Our Classical writers on rhetoric for this week have much sound advice for those who seek to become skilled orators, as well as to those who would instruct them. For the aspiring rhetorician, Aristotle’s detailed cataloging of the intricacies of engaging and exciting human emotion seem beyond exhaustive. Cicero makes important connections between the maintenance of a free society and the flourishing of accomplished orators; the preservation of civil rights is a cause well-served by those who can express wise thoughts in eloquent and forceful language. These Greek and Roman writers have sidestepped Plato’s earlier worries about whether rhetoric can or cannot represent truth to present functional instruction on its practice. They aim to develop rhetorical skills in those who would use such abilities in public life, always remembering that the great power of rhetoric and oratory to sway listeners entails moral responsibility upon speakers.
Quintilian, especially, offers many gems of pedagogy that mark him as man with great insight into the teaching profession. In Book Two, Chapter Four, he begins his discussion with advice for those instructing young or beginning learners in the arts of oratory and rhetoric: Give children time to develop and correct them according to their age and abilities. Apply praise and encouragement because “study is cheered by nothing more than hope.” And Quintilian’s word for the would-be teacher should never be forgotten: “A dry master is to be avoided.”
The Roman sage also advocates copious reading of well-written literature and plenty of practice writing. From the students’ habit of reading will come a wellspring of quality language, vocabulary, and style, so that “they will have at command. . . an abundance of the best words, phrases and figures, not sought for the occasion, but offering themselves spontaneously, as it were, from a store treasured within them” (Bk 2 Ch 7). Echoing Quintilian, his countryman the satirist Petronius wrote in the Satyricon that “a mind simply cannot conceive and bring to term its offspring unless it is flooded with an immense river of literature.”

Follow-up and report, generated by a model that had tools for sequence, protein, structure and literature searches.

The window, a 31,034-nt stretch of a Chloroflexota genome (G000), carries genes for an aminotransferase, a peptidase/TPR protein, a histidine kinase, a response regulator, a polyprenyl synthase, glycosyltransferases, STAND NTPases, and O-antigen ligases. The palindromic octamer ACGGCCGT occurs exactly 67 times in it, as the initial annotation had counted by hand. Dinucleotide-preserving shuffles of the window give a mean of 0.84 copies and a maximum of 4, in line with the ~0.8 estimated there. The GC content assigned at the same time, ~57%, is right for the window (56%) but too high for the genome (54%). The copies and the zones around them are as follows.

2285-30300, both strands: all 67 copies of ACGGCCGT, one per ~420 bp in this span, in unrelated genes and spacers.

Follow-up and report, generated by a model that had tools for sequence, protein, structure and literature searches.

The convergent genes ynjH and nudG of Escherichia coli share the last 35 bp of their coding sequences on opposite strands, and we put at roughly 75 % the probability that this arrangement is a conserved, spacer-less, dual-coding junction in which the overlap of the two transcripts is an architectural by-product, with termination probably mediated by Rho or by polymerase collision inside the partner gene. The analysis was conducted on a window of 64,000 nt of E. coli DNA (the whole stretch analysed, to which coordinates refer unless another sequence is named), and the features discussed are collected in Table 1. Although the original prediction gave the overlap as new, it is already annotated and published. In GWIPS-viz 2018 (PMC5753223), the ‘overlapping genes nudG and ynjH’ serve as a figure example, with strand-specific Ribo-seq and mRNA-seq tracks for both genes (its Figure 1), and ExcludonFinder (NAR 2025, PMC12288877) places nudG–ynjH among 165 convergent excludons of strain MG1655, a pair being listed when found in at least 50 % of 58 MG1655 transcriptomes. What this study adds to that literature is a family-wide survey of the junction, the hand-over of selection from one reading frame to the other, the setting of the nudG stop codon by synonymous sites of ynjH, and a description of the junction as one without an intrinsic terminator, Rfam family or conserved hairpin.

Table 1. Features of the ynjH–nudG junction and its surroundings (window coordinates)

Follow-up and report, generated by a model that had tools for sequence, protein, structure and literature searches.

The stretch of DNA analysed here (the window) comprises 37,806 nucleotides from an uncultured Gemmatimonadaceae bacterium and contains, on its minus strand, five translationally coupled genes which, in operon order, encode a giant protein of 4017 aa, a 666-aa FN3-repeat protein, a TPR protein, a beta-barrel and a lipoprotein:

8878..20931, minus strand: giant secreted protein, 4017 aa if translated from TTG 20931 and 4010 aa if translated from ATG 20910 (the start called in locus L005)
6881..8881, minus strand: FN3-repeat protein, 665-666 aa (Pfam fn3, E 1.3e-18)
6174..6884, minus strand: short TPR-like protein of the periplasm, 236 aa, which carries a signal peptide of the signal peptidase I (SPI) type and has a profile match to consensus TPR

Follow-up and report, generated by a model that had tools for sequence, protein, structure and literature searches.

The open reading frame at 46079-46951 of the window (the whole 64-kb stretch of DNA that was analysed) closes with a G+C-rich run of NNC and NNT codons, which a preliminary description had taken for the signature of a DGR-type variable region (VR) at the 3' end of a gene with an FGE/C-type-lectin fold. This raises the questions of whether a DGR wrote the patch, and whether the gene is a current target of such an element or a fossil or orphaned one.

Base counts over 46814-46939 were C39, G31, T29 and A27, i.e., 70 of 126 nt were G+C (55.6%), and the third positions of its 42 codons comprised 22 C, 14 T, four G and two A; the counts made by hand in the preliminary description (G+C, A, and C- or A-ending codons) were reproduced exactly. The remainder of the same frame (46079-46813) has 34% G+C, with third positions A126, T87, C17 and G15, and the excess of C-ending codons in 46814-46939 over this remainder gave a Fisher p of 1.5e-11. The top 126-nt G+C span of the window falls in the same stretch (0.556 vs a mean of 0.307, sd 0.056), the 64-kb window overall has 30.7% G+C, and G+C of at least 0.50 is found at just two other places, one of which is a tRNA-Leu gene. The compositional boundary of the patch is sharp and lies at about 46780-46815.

As one with a lifelong habit of reading, I believe them. And my experience during my years in college has further emphasized to me the truth of this venerable advice. The more I have spent time with great literature, the more I find myself drawing upon that resource for present use. And the crucible which combines and recombines the treasures of literary tradition with the moments of topical concern is writing. There in my own writing, the language I have absorbed resounds in my brain, not as conscious phrases I remember from this author or that, but as cadences, as rhythms, as frameworks for thinking, as whispers of their inspiration into my invention. The trick, then, one that Quintilian acknowledges, is to build one’s own voice from the raw material of one’s education.
According to Quintilian, one who strives to be a great orator—or even a well-rounded citizen—must follow his or her pen to that end: “In writing are the roots [and] foundations of eloquence,” and meditation upon one’s thoughts is the field to till for personal growth as a writer, thinker, or orator (Bk 10 Ch 3, 6). We live in a time when writing is rapidly being reduced to a reflex response that fits into a textbox limited to 140 characters. Can eloquence survive the Internet, the text message, and Twitter? Time will tell, but with attention spans being fragmented into ever more scattered directions, those who want to see the big picture need Quintilian’s advice as much now as did his fellow citizens two thousand years ago.